battery was first switched on in November 2017. In its first year of operation saved consumers $40 million dollars.

The Tesla battery is not about providing power when we don’t have sun or wind. Natural gas does that today.

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At the 100 MW Tesla Battery, and the Hornsdale Wind Farm. Facilities are simple, but the impact these projects have is massive.

The battery provides:

Frequency response. This is primarily about system stability. One challenge of networks, which electric energy networks are vulnerable to, is the shifts in circuit characteristics when a power source is turned on or shut off. When a large power source disappears, the frequency of a circuit can shift enough to cause problems for generators and consumers — the grid is meant to operate at 50 Hz, and small shifts outside that frequency can damage equipment. Generators are then programmed to shut off when the frequency gets outside the desired range. This means one outage can cascade through the network, causing one outage after another, and this is what happened in South Australia. The Tesla battery is the insurance to make sure this does not happen again.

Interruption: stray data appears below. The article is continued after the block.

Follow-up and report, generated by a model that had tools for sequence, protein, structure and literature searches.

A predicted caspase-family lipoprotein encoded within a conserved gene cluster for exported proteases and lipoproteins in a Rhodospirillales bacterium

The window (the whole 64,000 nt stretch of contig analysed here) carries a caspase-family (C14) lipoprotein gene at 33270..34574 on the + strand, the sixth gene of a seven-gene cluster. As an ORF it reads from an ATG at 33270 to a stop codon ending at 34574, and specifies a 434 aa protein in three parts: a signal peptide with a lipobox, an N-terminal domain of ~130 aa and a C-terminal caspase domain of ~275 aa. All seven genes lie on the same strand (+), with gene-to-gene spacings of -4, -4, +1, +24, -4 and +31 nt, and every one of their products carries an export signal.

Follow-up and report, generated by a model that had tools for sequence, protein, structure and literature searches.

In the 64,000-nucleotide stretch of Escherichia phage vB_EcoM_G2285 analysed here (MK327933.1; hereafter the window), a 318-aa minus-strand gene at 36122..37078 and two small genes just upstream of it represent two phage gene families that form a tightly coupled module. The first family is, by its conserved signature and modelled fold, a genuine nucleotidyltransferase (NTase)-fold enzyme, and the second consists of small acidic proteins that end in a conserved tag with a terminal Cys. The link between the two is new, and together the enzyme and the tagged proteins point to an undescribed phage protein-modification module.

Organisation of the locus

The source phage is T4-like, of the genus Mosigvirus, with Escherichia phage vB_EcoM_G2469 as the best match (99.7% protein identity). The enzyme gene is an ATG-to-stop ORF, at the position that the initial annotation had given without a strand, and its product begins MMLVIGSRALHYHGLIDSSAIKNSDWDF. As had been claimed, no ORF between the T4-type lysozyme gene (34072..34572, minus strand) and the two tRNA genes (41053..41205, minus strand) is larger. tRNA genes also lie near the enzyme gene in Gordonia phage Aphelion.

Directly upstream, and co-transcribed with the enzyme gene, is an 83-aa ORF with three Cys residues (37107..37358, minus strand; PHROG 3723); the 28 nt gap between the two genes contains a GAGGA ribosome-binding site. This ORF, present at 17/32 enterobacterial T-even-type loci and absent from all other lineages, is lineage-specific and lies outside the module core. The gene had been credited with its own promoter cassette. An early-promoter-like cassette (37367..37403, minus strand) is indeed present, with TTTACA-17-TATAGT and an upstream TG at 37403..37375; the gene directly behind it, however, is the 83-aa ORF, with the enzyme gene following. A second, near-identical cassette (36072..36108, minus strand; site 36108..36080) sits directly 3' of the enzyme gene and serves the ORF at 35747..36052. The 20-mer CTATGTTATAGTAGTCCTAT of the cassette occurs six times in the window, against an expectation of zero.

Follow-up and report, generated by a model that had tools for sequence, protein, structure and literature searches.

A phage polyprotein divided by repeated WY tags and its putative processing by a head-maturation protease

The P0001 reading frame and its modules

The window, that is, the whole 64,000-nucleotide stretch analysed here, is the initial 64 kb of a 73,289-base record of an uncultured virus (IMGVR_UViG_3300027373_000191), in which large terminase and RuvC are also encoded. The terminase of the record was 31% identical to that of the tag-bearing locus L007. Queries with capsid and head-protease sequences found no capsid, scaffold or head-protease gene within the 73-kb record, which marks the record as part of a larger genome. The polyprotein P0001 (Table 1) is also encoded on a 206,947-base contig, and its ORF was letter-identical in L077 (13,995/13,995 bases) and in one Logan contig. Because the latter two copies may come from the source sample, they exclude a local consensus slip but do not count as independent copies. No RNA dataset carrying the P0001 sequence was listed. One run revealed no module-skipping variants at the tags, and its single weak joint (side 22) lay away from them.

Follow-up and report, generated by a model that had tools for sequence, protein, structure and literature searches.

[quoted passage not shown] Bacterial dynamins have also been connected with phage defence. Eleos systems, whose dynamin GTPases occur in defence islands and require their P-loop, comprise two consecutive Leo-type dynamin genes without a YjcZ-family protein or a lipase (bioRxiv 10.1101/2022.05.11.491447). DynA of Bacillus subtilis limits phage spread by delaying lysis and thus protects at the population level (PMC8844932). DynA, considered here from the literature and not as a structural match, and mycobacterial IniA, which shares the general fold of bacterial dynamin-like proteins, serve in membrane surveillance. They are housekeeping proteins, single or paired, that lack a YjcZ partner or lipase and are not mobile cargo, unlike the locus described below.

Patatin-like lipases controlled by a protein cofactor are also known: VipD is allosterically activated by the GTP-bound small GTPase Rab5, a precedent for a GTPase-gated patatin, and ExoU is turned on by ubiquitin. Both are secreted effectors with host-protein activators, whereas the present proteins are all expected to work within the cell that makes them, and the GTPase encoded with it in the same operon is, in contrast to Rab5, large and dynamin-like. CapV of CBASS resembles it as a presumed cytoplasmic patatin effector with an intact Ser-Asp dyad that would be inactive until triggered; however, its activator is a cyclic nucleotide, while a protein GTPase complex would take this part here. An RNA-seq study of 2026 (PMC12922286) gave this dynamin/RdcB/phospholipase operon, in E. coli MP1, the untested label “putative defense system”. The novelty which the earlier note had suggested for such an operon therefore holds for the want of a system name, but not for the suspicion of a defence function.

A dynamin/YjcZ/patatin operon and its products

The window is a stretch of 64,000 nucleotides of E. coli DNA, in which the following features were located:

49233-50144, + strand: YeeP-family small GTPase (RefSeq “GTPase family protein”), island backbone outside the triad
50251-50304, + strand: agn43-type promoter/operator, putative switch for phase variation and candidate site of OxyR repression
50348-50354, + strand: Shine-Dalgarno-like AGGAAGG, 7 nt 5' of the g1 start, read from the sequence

Economic / price stability. The battery can provide additional energy stored in the battery in response to poor market conditions where energy organisations would like to gouge consumers when there are fewer options. In this way the battery has already paid for itself. The frequency response is a daily job of the battery to keep the system in optimal condition, not just an emergency brake.

Thanks heaps to Prof. Andrew Stock for so much of the background on electricity networks!

A few facts about the battery:

Tesla is also working with South Australia on fitting solar and Tesla PowerWall batteries in Adelaide houses. Next year they hope to have 10,000 batteries in homes, with an eventual goal of 50k power walls across South Australia, which will provide another level of stability and power alternatives that the grid can use in times of instability or short term power needs.

Not to be outdone, the nearby Hornsdale wind farm has ~100 turbines and can generate more than 1 million MWh each year, enough electricity to power 180,000 homes.

What else did I learn?

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The bus that took us all over South Australia. A Tesla recharging station in Port Augusta!

And, just so you don’t forget why need to shift to renewables:

And now, I’m headed to the airport, to fly to the states. The fun never stops.